|Publication number||US8830309 B2|
|Application number||US 12/811,236|
|Publication date||9 Sep 2014|
|Filing date||4 Jan 2009|
|Priority date||4 Jan 2008|
|Also published as||DE112009000093T5, DE112009000094T5, DE112009000099T5, DE112009000100T5, DE112009000101T5, US8503763, US8803958, US9418474, US20100283781, US20110007137, US20110007138, US20110043613, US20110164810, WO2009089125A2, WO2009089125A3, WO2009089126A1, WO2009089127A1, WO2009089128A1, WO2009089129A1|
|Publication number||12811236, 811236, PCT/2009/30067, PCT/US/2009/030067, PCT/US/2009/30067, PCT/US/9/030067, PCT/US/9/30067, PCT/US2009/030067, PCT/US2009/30067, PCT/US2009030067, PCT/US200930067, PCT/US9/030067, PCT/US9/30067, PCT/US9030067, PCT/US930067, US 8830309 B2, US 8830309B2, US-B2-8830309, US8830309 B2, US8830309B2|
|Inventors||Janos Rohaly, Ilya A. Kriveshko|
|Original Assignee||3M Innovative Properties Company|
|Export Citation||BiBTeX, EndNote, RefMan|
|Patent Citations (40), Non-Patent Citations (9), Referenced by (4), Classifications (17), Legal Events (2)|
|External Links: USPTO, USPTO Assignment, Espacenet|
This application is a national stage filing under 35 U.S.C. 371 of PCT/US2009/030067, filed Jan. 4, 2009, which claims priority to U.S. Provisional Application No. 61/019,159, filed Jan. 4, 2008, the disclosure of which is incorporated by reference in their entirety herein.
This invention relates generally to three-dimensional imaging and more specifically to use of hierarchical image data to improve three-dimensional measurements based upon multiple object images.
In one technique for three-dimensional image reconstruction, a number of images or image sets of an object are captured with a camera that travels in a path over the surface of the object. This catalogue of image information can then be used to reconstruct a three-dimensional model of the object based upon the camera path and individual three-dimensional measurements captured along the camera path. In one aspect, the camera employs a number of offset optical channels that capture images from slightly different optical axes. The differences in these offset images contain depth information that can be used to calculate distance from the camera, and in turn to determine the three-dimensional contours of a scanned surface. One computationally intensive part of this technique involves matching features between pairs of images in an image set, which must be repeated many times for each image set in order to find corresponding feature locations in an image pair.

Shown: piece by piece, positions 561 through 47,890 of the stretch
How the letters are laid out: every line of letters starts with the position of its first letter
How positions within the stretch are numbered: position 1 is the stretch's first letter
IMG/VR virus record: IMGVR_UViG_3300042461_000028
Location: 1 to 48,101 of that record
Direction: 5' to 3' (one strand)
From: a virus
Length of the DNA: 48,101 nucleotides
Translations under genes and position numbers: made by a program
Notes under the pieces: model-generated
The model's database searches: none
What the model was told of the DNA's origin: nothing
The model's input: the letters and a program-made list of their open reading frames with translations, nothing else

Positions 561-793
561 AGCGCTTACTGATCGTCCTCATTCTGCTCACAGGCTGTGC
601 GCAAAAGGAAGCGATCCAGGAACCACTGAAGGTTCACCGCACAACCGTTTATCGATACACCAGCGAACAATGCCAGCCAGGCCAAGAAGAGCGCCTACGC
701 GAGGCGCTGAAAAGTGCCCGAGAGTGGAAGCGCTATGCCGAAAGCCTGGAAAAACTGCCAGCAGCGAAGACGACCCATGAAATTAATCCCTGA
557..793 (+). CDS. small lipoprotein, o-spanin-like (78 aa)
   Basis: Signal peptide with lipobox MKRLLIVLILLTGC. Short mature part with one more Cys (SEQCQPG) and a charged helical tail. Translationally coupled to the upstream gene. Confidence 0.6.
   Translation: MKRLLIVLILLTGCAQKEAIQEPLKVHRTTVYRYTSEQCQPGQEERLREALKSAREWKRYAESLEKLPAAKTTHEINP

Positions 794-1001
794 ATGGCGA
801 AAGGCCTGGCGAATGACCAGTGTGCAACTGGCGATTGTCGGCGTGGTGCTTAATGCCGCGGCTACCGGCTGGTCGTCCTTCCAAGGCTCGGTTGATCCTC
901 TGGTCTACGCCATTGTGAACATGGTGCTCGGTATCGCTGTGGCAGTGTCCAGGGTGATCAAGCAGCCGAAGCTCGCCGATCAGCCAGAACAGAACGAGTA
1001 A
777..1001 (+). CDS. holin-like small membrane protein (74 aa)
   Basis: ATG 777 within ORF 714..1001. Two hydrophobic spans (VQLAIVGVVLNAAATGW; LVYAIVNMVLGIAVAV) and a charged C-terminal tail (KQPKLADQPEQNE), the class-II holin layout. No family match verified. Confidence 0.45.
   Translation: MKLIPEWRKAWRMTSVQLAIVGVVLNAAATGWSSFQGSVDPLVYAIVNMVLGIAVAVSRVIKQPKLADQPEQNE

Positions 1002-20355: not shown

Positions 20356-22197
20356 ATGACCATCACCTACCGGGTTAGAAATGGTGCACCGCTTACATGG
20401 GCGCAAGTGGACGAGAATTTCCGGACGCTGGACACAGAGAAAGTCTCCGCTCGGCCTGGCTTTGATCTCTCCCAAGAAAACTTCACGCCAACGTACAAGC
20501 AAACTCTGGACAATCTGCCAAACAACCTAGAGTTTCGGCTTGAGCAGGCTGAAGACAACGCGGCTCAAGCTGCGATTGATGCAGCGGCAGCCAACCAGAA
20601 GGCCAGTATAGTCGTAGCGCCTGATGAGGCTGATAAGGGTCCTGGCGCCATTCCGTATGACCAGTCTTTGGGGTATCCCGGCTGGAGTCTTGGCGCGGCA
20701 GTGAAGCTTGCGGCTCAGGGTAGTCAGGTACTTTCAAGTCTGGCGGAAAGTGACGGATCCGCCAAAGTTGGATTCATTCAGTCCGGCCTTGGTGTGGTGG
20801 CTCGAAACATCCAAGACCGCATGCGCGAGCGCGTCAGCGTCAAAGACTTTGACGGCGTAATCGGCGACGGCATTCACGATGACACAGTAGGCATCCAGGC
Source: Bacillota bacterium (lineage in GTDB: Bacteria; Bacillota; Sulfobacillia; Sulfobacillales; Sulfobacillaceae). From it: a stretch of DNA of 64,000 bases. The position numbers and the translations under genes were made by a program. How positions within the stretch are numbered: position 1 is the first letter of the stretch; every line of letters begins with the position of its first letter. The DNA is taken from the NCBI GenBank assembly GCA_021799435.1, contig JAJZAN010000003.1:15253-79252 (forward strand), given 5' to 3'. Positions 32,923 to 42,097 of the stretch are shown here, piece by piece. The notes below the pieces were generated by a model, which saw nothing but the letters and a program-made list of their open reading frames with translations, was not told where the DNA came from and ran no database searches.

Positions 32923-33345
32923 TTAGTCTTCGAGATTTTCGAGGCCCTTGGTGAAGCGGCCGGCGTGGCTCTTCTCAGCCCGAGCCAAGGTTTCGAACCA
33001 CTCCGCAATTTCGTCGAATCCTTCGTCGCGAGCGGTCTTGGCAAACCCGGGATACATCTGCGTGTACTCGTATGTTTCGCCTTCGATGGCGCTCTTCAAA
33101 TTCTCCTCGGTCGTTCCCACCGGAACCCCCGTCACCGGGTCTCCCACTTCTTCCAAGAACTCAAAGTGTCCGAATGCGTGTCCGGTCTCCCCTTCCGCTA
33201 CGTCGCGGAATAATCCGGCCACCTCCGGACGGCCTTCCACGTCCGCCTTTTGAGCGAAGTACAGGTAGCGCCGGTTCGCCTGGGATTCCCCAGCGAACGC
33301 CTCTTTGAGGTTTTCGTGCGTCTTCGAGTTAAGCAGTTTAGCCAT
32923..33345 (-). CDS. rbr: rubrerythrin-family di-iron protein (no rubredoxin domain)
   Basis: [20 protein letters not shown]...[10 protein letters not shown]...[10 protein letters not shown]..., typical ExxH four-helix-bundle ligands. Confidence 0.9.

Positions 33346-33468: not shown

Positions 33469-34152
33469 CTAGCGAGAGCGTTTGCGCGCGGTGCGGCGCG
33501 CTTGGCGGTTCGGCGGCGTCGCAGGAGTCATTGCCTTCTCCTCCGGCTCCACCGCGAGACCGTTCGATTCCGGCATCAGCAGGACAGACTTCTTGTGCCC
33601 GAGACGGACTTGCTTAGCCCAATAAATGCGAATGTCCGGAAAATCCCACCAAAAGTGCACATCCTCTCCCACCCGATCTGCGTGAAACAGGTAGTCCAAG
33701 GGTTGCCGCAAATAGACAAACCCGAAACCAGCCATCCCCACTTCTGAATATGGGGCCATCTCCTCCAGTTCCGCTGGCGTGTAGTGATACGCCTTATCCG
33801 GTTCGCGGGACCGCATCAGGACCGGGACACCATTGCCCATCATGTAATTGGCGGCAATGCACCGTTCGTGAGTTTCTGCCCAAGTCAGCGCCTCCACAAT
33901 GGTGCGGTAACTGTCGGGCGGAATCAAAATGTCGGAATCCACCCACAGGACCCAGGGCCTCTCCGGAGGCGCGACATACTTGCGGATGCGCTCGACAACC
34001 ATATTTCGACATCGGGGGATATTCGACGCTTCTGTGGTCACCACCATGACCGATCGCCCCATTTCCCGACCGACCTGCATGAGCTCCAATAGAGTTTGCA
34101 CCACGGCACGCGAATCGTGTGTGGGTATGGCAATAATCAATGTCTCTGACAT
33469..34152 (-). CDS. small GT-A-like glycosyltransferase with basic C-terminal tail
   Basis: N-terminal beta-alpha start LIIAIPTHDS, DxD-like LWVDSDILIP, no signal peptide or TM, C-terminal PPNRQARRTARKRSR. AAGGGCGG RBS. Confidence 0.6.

While various techniques are known for correlating features between images, there remains a need for improved techniques suitable for pattern matching in three-dimensional reconstruction.
A hierarchical pattern matching process is improved for use in three-dimensional reconstruction by calculating a disparity field for low-resolution data, and using this low-resolution disparity field to estimate the disparity field for higher-resolution images. By pre-warping a template according to the estimated disparity field, improved correlation results can be obtained.
In one aspect, a method disclosed herein includes obtaining a first image and a second image of an object from two camera poses; generating a hierarchy of lower-resolution representations of the first image and the second image; obtaining a disparity field that characterizes motion between a lower-resolution representation of the first image and a corresponding one of the lower-resolution representations of the second image; upsampling the disparity field to a higher resolution of the hierarchy to provide an estimated disparity field at the higher resolution; warping a higher-resolution representation of the first image according to the upsampled disparity field to provide a warped image; correlating the warped image to a higher-resolution representation of the second image to obtain a disparity error field; combining the upsampled disparity field and the disparity error field to obtain a higher-resolution disparity field.
The method may include repeating the steps of the method for a next higher-resolution level of the hierarchy. The higher-resolution representation of the first image may be a full resolution image. The lower-resolution representation of the first image may have a smallest size in the hierarchy. The method may include applying the higher-resolution disparity field to a camera model to obtain a three-dimensional surface reconstruction of the object. The hierarchy may include at least one of a three-level pyramid, a four-level pyramid, and a five-level pyramid. The first image and the second image may have a size of 96 pixels in one dimension. The first image and the second image may have a size of 128 pixels in one dimension. The two camera poses may correspond to two offset optical channels in a multi-aperture three-dimensional camera. The two camera poses may correspond to two independent camera positions.